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Meanwhile, on March 20, 2012, the Supreme Court handed down its decision in Martinez v. Ryan, 131 S. Ct. 2960 (2011). The Court in Martinez ruled because Arizona required an inmate to first raise an ineffective assistance of trial counsel claim on state habeas review, no procedural default would bar a federal habeas court from hearing an otherwise procedurally defaulted claim where there was no state habeas counsel provided or such counsel was ineffective. The Court emphasized its ruling was based on its equitable powers, not rooted in any constitutional right to counsel on habeas review. Just as in Coleman, the Court again declined to declare a constitutional right to effective counsel in initial review collateral proceedings. On April 30, 2012, Trevino filed a petition for certiorari. On October 29, 2012, the United States Supreme Court granted certiorari to determine whether it should vacate the Fifth Circuits opinion and remand for reconsideration of Trevinos claims under Martinez v. Ryan.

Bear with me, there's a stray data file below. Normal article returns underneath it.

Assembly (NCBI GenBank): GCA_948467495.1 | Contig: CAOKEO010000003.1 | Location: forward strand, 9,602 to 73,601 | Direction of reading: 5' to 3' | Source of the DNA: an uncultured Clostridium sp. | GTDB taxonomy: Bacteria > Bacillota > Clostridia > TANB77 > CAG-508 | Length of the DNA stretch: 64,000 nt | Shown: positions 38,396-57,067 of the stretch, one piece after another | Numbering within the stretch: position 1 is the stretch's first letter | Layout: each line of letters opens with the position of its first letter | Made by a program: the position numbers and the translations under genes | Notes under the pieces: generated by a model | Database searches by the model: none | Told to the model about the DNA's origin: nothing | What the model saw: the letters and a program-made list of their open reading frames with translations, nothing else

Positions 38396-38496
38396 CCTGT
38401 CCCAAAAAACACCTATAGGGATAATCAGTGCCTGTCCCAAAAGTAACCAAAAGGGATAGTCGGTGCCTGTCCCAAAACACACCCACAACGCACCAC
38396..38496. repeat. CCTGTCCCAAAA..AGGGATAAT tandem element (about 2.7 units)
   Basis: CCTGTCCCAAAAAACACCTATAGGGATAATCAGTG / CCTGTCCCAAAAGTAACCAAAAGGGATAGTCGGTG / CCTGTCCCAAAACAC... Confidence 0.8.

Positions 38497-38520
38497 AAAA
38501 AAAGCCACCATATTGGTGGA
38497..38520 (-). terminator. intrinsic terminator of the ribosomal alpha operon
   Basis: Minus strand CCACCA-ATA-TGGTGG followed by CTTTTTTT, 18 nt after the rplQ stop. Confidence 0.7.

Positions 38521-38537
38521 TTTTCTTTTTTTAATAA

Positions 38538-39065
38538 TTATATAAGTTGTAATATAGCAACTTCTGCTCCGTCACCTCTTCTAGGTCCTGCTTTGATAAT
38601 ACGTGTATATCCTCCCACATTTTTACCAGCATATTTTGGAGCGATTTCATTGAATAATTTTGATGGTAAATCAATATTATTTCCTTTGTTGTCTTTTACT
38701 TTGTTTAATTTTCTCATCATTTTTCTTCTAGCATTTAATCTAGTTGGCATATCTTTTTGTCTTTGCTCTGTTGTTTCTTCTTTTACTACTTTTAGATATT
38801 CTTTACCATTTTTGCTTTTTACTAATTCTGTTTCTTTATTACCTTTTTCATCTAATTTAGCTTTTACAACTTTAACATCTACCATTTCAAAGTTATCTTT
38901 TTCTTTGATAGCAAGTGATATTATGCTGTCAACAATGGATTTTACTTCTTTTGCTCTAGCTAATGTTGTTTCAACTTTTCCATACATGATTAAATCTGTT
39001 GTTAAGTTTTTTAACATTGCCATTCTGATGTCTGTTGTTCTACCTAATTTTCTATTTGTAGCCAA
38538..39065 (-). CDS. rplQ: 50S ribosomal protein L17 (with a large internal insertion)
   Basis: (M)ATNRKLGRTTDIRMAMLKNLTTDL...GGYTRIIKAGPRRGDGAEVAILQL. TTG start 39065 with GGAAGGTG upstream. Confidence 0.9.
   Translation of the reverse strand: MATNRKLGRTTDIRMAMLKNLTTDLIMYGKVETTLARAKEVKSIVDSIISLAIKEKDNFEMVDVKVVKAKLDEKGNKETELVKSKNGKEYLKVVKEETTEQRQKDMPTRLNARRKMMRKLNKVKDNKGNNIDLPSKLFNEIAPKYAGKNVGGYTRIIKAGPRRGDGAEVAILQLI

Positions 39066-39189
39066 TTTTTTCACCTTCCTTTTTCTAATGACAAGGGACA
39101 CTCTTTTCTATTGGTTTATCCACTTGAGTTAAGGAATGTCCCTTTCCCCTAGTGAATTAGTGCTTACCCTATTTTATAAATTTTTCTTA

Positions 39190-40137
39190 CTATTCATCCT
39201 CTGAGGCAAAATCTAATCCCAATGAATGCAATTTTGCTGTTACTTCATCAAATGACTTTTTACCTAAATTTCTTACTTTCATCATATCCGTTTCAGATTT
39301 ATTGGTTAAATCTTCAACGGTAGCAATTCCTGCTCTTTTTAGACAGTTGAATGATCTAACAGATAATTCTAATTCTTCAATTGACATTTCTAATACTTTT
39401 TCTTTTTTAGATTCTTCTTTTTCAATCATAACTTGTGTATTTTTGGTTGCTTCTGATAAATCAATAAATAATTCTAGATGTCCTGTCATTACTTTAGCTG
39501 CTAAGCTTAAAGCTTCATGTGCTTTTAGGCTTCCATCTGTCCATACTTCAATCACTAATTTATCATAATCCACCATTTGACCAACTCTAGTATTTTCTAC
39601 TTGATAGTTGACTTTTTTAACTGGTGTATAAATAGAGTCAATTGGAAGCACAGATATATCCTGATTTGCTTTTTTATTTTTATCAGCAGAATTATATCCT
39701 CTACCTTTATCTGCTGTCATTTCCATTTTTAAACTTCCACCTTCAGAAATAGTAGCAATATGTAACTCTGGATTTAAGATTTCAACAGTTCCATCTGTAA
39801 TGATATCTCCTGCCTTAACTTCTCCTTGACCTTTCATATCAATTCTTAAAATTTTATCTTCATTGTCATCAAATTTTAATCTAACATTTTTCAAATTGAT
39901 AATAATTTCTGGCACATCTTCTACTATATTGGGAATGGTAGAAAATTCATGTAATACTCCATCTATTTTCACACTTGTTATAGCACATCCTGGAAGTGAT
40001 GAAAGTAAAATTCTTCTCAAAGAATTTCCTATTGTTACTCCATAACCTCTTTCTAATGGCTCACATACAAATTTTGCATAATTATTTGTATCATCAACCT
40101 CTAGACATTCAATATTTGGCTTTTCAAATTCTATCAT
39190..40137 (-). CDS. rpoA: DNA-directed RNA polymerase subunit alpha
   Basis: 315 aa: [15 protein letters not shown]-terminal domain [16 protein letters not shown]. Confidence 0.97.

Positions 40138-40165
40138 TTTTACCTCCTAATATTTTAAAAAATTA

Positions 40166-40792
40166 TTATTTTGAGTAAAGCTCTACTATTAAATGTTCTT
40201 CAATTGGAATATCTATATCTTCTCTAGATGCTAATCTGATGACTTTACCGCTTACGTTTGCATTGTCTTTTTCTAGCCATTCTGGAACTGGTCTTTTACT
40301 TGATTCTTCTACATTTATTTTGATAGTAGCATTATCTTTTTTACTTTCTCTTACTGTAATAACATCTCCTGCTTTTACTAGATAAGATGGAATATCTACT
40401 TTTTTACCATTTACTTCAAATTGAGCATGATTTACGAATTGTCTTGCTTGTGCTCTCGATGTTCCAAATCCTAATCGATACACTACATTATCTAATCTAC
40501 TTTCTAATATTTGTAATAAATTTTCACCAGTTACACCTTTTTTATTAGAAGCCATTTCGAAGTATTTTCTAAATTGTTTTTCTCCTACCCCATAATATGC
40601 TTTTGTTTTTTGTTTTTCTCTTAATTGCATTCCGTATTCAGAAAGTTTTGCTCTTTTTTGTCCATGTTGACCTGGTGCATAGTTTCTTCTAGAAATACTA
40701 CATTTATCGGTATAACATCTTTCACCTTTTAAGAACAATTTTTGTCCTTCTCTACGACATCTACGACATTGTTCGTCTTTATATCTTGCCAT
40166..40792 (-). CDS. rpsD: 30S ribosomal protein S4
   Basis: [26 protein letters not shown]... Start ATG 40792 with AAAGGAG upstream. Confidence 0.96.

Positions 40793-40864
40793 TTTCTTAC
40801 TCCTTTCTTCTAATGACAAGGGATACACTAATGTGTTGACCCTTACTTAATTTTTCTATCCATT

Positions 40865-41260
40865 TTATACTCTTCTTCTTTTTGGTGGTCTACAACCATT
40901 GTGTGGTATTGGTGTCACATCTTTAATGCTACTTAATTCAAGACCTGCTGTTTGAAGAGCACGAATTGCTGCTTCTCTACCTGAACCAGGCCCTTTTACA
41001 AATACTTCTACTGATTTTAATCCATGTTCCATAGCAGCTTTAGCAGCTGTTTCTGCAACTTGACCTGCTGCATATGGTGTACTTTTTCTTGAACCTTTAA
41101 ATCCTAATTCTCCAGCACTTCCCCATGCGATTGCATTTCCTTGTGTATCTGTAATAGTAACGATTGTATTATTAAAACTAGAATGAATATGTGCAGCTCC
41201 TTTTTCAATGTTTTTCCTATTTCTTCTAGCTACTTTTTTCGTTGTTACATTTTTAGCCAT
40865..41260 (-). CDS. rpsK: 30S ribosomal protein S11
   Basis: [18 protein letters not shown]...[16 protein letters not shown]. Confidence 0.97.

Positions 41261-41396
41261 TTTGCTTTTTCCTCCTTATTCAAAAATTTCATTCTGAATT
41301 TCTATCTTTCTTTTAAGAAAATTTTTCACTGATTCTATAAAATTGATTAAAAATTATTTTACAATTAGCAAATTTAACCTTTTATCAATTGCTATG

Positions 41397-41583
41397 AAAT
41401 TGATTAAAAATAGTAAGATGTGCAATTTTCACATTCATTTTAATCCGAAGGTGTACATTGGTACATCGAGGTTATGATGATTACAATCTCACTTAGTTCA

CASE ANALYSIS